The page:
I first boarded a plane before the age of two and moved around quite a bit in the years that followed. I didn’t have much of a choice back then. In college, I remember really wanting to visit a friend studying abroad in Spain, but also feeling guilty about purchasing a plane ticket that would leave me eating potatoes for a month. My dad encouraged me to go, to expand my worldview, to learn about new places and people. I’ve thought of travel more as an investment than an expense ever since. Most of my memories are organized by location as opposed to time. And maybe our memories are faulty, but I love being able to look at a photo and be flooded with recollections of a moment.
In an attempt to preserve my memories a little differently, I created the #KohOnTheGo series in 2014. For each image, I digitally insert a “cutout” of myself against the backdrop of my current locale. Even though my images are created on my computer, the little white outline makes #KohOnTheGo look analog; and while I absolutely love making things with my hands (and I love the idea of carrying around mini cutouts of myself), it’s all done in post, so there’s actually minimal planning involved. I initially had the idea to do something like this while I was on a trip down to Kampot, a sleepy riverside town in Cambodia. My very first #KohOnTheGo tag was posted back when I had no more than 10 followers on Instagram, so I’d like to think it was more for myself than outside praise. The hashtag acts like a bookmark of sorts, marking my arrivals and departures.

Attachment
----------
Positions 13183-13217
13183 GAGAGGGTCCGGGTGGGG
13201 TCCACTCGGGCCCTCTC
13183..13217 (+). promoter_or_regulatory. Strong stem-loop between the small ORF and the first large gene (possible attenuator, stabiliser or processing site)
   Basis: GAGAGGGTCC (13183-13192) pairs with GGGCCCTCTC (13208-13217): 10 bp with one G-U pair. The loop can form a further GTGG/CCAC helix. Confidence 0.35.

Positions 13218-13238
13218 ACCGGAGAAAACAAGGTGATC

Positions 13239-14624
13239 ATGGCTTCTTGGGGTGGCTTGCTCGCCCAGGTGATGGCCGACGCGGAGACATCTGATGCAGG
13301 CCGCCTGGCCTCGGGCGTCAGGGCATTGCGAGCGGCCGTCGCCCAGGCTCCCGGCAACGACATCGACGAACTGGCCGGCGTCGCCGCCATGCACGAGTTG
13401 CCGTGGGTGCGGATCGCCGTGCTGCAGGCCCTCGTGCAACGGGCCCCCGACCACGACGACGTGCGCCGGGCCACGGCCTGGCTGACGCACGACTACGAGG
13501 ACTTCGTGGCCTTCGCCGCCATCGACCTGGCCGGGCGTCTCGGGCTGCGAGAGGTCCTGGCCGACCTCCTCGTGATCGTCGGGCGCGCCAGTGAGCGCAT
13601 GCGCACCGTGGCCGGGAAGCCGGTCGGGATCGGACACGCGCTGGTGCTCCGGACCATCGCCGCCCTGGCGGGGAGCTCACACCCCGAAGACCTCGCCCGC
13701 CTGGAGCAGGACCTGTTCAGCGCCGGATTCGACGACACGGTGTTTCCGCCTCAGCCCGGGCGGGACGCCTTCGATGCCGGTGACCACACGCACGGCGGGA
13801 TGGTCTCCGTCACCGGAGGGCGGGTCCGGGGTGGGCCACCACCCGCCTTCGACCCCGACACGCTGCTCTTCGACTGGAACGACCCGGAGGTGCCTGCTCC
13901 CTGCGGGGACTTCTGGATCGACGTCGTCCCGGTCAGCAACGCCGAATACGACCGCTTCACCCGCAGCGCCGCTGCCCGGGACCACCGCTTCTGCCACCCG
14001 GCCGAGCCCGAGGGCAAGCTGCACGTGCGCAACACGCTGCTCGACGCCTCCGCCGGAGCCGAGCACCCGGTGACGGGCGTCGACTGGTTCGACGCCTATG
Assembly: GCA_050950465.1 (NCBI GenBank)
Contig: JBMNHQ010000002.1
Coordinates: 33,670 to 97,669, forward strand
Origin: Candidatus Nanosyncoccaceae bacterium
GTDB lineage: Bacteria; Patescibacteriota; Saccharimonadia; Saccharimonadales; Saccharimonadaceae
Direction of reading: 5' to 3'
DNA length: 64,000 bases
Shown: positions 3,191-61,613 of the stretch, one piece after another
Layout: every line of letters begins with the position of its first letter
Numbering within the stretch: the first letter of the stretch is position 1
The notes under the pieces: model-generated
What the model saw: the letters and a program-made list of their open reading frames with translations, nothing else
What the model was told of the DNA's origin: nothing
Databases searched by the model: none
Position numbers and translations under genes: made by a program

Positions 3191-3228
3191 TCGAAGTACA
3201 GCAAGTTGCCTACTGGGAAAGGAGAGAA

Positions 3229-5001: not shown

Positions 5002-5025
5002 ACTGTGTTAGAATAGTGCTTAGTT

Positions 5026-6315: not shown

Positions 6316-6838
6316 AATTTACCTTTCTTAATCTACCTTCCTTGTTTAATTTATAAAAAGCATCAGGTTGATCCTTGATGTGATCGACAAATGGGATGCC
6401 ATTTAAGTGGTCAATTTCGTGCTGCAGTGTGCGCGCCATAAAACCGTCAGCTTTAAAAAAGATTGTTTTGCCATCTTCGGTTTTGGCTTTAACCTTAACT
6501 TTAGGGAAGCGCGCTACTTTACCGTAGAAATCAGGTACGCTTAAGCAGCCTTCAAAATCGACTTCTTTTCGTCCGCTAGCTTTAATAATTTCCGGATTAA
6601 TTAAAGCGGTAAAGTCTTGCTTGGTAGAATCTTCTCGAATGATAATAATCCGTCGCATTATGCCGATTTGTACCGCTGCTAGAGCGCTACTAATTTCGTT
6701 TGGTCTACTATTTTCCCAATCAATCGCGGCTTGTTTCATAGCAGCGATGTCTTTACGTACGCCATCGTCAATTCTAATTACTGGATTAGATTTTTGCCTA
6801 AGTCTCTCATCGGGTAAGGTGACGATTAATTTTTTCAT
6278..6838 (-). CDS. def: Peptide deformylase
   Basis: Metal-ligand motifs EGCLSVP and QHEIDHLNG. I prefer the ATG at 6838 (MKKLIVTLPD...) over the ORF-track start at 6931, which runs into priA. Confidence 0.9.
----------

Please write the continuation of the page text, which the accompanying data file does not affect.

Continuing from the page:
As part of a photography class in college, we discussed why people feel the need to take photographs of well-known places when it’s likely that a million (better) photos of the same place exist. I’m still not really sure why we do, but I suppose it has to do with keeping memories. Here, you’ll find some tips for taking the perfect travel selfie and making those memories for yourself. Happy snapping!
Creating something that’s difficult to replicate is key. I’m not against people taking the #KohOnTheGo idea and making it their own, but I do think there are enough obstacles to creating a similar photo that I haven’t seen very many attempts. Consistency is also important. I think that’s why @muradosmann's #followmeto, Michelle Liu’s @chinventures, and Chanel Cartell and Stevo Dirngerger’s @howfarfromhome have such substantial fan followings. Find your thing and stick to it.
If I’m in a city, I opt for backgrounds that have some type of monument, symmetry, or vanishing point. In nature, it’s hard to go wrong really.
I know some photographers who would say patience is key—wait for the right moment. Or, just take a million photos and figure it out later. I tend to avoid the crowds altogether.
I wouldn’t expect you to be at the Indian Ocean on the Kenyan coast and to take a selfie in front of a monument in the same way I wouldn’t expect you to be at Badshahi Mosque in Pakistan and to take a selfie in front of nature. Choose something that represents the location.
Underwater selfies are definitely worth the trouble. And if you don’t have a Telesin dome for your GoPro, get one.
100 percent human arm.